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The truth about Sinai

Last August I wrote a column titled “Sinai: unanswered questions”, the column was a few days after the attack on the Egyptian soldiers in Sinai at the beginning of Ramadan last year. In case people had forgotten what happened, or got mixed up between the August attack and any other attack on Sinai, the one …

Ziad Akl
Ziad Akl

Last August I wrote a column titled “Sinai: unanswered questions”, the column was a few days after the attack on the Egyptian soldiers in Sinai at the beginning of Ramadan last year. In case people had forgotten what happened, or got mixed up between the August attack and any other attack on Sinai, the one last August was around Iftar time and involved reckless shooting at soldiers. A few days after the attack last summer, the army announced an operation aiming to rid Sinai of the criminal elements in it, instil order and declare the domination of the Egyptian state over Sinai soil. The main question that concerned me at that time was whether the army knew what it was doing there or not. If the army knew the criminal targets in Sinai, since it started that operation only a few days after the attack, why didn’t it move earlier, why did it have to wait until blood was spilled? If it did not know where these targets existed, then what exactly is the army doing in Sinai, and is there any other purpose behind that operation other than responding to political pressure?

The beauty of being a writer who writes about politics in Egypt is the fact that less than a year later, you can find yourself writing pretty much the exact same thing you wrote before, hoping that one day those who are supposedly responsible will eventually read, or their ignorance and complacency will eventually catch up with me!

I am not sure if we should congratulate ourselves that our soldiers are back safely or if we should just continue looking stupidly at each other feeling content that we are slowly becoming a nation flooded by apathy. There is no doubt that I personally feel happy for the families of those soldiers who will finally get to see their sons, brothers and husbands. But what the state truly owes those soldiers and their families and all other equally concerned citizens is information. What is required from the state is not just the logical ordinary procedure of legal prosecution of the perpetrators; what is more important is reassuring that this will not happen again. It is the right of every mother and father to know that their sons who are stationed thousands of miles away in the middle of nowhere are at least supported by an institution that cares for their safety. Ironically, information is the one thing we never have enough of when it comes to Sinai.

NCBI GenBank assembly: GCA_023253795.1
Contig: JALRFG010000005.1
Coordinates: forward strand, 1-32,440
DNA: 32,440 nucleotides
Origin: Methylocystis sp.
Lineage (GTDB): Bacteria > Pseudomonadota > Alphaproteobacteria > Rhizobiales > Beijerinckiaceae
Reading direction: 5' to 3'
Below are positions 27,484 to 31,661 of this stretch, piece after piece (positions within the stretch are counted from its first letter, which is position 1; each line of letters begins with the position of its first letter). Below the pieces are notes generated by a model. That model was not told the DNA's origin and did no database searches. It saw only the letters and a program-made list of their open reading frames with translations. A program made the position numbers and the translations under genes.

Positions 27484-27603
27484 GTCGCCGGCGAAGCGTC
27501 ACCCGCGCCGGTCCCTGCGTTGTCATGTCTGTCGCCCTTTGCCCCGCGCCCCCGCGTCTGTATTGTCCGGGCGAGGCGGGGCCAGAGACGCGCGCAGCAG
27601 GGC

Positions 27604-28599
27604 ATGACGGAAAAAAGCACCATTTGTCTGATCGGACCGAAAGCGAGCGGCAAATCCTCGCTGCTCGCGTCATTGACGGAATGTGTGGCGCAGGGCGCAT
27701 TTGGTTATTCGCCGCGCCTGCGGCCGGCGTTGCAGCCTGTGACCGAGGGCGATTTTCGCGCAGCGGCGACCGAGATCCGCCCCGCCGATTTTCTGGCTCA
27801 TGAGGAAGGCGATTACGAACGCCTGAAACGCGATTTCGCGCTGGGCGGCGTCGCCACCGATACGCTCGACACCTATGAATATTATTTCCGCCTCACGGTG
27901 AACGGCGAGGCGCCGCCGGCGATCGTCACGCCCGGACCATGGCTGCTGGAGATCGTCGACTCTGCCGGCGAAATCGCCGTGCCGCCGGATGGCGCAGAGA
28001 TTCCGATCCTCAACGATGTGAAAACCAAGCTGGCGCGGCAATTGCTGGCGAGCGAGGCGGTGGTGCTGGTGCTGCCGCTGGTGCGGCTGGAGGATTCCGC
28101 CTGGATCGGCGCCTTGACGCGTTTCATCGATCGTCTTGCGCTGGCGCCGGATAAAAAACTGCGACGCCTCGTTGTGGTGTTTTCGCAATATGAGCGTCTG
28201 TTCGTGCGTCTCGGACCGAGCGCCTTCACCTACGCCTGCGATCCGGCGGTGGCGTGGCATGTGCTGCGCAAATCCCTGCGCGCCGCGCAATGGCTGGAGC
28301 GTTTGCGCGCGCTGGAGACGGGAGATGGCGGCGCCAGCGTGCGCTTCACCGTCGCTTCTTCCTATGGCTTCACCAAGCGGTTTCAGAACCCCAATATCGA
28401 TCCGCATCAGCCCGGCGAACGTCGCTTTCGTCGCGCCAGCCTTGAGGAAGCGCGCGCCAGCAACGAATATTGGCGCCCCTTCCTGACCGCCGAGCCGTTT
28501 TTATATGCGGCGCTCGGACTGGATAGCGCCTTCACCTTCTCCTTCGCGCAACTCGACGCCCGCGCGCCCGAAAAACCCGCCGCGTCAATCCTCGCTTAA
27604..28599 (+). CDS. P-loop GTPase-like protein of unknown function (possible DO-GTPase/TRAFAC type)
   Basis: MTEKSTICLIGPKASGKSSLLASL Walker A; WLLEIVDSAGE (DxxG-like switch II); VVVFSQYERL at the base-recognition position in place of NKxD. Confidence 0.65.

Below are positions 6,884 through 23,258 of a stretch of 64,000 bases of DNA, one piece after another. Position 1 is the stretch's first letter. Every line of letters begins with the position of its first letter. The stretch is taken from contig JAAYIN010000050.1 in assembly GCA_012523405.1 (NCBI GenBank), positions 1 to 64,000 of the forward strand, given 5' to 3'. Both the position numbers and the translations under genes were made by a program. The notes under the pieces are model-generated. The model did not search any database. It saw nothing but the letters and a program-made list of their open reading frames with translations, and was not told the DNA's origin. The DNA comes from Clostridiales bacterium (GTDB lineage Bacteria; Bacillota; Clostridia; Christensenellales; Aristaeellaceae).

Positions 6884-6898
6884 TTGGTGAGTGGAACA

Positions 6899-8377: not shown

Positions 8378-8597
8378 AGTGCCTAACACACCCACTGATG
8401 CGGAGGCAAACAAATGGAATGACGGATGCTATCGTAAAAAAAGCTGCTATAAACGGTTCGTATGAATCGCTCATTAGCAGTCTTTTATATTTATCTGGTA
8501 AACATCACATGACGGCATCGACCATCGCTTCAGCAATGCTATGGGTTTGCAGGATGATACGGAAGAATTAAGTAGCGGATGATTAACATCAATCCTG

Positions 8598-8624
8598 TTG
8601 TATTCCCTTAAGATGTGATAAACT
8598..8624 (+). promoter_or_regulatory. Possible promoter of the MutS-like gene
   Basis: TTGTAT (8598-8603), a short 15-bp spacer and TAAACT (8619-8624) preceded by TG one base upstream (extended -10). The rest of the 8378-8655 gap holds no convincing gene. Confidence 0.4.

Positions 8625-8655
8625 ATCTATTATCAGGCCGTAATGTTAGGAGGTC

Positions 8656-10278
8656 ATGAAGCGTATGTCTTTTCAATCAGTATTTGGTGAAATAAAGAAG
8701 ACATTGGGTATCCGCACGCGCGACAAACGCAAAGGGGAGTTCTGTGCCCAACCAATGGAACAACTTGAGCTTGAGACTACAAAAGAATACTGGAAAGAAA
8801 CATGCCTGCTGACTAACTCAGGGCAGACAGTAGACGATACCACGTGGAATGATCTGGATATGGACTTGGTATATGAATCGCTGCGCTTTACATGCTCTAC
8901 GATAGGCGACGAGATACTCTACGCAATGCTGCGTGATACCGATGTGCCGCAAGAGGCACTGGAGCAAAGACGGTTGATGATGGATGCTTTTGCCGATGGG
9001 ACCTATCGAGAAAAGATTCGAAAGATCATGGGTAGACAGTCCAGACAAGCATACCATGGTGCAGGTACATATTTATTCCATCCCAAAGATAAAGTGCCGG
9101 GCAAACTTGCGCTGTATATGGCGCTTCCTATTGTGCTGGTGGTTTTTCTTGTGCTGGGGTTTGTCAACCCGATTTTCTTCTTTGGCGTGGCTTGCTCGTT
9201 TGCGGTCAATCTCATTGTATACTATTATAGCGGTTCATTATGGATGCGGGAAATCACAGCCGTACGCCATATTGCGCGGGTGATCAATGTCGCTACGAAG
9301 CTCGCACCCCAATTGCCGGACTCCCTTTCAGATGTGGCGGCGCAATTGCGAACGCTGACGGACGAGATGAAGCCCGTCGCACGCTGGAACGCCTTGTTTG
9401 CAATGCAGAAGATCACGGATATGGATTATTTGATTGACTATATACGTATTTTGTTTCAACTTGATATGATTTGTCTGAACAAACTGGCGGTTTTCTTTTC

President Morsi must understand that his biggest failure so far is his inability to provide, not even necessarily the whole truth, but at least the minimal satisfactory level of information to his people about what happened in Sinai. The number of unanswered questions about what happened is ridiculous. For example, who exactly was negotiating with the kidnappers? Why did suddenly the negotiations work? If these negotiations did not work for a week then suddenly were effective then something must have changed, some kind of compromise must have been made, what was it? Where are the kidnappers? Waheed Hamed wrote a brilliant movie about the siege of the Mogamaa in Tahrir Square, where at the end of the movie the police fail to identify who are the victims and who are the criminals because against the injustice and dishonesty of the regime the people are one. Whoever is responsible for engineering the production of the Sinai charade should have realised that this is not “Al-Irhab wa Al-Kebab”.